EVs have less air and noise pollution, emit less GHG
emissions and have lower user costs per km compared to ICEVs, and can also lead
to an increase in the share of renewable energy in a country/jurisdiction 9. EVs are also more efficient than ICEVs because of their electric
powertrain system. In that sense, electrification of transportation sector may decreas
the primary energy consumption because of the increase in the well-to-wheel
efficiency of an electric powertrain system compared to an ICE system 6.
the transportation sector leads to lower
demand for oil products. The electricity needed to fuel the alternative fuel
vehicles may be generated from different
resources. This means that electrifying
the transportation sector reduces the dependency
on oil products and covers the need for oil products with other
resources. So as the primary energy needed for transportation sector can be supplied from different energy sources,
energy supply security and flexibility will increase 6.
Although there is a worldwide
agreement on the need for decreasing the amount of CO2 emission
reduction, the development of low-emission technologies has several barriers. The
most important barrier is the higher cost of low-emission technologies compared
to conventional technologies. Additional to higher cost, EVs also face the
problem of range anxiety for customers meaning the EV owners may not get the
same driving range they could have with an ICEV and need more time and charging
infrastructure compared to time and refueling infrastructure needed for ICEVs.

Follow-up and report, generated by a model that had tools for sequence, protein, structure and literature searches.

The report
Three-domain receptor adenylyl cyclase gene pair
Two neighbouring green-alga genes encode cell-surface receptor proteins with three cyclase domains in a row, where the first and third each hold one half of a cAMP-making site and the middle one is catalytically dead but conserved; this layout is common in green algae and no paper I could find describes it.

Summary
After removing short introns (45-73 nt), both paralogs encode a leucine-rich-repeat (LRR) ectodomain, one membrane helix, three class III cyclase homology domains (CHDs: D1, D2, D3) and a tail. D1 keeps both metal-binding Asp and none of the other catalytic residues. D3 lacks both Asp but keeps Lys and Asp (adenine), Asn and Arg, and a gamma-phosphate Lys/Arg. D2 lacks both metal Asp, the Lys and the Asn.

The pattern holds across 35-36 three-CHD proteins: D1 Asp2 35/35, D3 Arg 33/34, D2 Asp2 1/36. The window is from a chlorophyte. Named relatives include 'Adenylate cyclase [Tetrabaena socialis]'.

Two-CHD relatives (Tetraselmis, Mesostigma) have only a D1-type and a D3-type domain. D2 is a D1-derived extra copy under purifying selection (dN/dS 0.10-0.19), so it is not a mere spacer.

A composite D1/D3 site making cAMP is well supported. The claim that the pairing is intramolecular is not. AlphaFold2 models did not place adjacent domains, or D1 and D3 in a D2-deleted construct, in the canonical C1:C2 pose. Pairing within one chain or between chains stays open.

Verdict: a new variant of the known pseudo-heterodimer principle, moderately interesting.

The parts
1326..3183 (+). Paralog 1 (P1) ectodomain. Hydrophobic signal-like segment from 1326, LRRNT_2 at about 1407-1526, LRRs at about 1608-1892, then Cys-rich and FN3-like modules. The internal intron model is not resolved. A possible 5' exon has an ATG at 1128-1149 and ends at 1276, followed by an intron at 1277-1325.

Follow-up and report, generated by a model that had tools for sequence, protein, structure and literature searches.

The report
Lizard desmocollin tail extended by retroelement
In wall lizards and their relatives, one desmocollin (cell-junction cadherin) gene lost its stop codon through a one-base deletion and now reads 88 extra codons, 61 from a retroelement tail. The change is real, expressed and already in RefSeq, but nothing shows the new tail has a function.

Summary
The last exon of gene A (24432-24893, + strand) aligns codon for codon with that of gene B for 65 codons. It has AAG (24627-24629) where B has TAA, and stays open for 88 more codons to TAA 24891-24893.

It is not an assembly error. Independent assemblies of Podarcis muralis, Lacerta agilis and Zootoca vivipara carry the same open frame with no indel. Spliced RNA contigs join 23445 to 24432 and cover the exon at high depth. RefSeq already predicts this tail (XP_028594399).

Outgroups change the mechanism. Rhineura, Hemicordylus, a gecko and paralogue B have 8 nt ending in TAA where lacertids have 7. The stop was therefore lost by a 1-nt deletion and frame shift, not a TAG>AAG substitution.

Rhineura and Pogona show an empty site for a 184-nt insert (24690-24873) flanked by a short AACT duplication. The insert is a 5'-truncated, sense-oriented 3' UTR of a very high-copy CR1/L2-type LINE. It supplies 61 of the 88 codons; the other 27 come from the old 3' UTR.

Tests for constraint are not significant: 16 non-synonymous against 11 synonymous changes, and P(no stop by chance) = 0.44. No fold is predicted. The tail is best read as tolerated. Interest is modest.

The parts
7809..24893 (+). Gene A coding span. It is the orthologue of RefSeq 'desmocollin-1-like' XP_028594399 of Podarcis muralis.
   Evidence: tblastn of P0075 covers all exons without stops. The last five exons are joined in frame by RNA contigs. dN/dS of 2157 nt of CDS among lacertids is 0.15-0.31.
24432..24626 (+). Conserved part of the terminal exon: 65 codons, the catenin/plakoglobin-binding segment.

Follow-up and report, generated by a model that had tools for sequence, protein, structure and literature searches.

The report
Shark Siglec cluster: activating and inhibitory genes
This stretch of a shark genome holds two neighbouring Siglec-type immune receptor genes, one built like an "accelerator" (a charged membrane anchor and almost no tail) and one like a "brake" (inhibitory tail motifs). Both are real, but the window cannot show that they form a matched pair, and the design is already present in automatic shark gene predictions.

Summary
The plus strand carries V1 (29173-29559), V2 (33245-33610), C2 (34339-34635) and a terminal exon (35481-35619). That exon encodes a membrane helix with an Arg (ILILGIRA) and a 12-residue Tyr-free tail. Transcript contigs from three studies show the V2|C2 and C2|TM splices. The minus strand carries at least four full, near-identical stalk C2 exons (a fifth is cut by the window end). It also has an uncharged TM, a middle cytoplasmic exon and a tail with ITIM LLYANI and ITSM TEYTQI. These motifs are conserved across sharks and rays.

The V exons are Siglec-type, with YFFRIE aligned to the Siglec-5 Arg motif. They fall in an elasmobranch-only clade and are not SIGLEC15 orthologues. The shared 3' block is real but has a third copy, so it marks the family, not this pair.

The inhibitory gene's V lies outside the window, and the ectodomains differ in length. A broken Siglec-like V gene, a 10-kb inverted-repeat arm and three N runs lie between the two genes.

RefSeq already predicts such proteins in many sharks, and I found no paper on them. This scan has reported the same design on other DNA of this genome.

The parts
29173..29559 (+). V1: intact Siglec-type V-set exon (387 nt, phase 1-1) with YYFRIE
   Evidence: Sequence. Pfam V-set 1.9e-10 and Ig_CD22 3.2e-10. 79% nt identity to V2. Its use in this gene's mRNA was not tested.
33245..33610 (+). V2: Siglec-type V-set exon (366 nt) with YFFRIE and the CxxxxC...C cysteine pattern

This challenge is specifically important for BEVs.
It is generally accepted that the widespread
deployment of electric vehicles needs fiscal incentives at least in the early
stages of adoption. These fiscal incentives and regulations may be provided in different forms such as purchase
subsidy, emission regulation, and R&D
funds. Countries/jurisdictions all over the
world have established programs to support the purchase of EVs and development
of their charging/refueling infrastructure. But while we have observed an
increase in the adoption of EVs in recent years, there is still a need for carefully
designed policies for promoting further deployment of EVs. These policies
should be presented in different forms
such as financial incentives, support for technological
progress and incentives for charging/refueling infrastructure 10.
cost of EVS compared to ICEVs can’t overcome the challenge of their higher
upfront cost 9.
Allocating incentives for the purchase of
EVs tries to address the higher cost challenge. Developing sufficient charging
and refueling infrastructure is also aimed at addressing the anxiety range
challenge. Other factors such as lack of
knowledge about new technologies may also contribute to slow deployment
of EVs. However, we are not focusing on these social factors in this work as they are
found to be of a lower degree of importance compared to technological issues 15.
important point in the analysis of the
policies for BEVs, PHEVs, and FCVs is
that the effect of support policies for each of these technologies is not
limited to that certain technology and will also affect the deployment of other
technologies. Harrison and Thiel 11 state
that maturity of FCVs may be prohibited if a strong policy for chargeable
electric vehicles is in place.
work, we are reviewing subsidies for both infrastructure and vehicle deployment
for countries/jurisdictions that have incentives for BEVs and PHEVs as well as
FCVs. The incentives considered in this work for deployment of EVs are
purchase subsidies for BEVs, PHEVs, and FCVs. Regarding the charging/refueling
infrastructure, we are reviewing how local/national governments support and
contribute to the development of the charging/refueling infrastructure. A
qualitative analysis is then presented based on the review of the policies.
Review of support policies
There are a considerable number of countries which have
support policies for deployment of EVs and PHEVs,
but in this work, we are considering
countries that have incentives and support policy for both BEVs/PHEVs and FCVs.
The countries/jurisdictions considered in this work are from three geographical
areas: East Asia, Europe, and North America.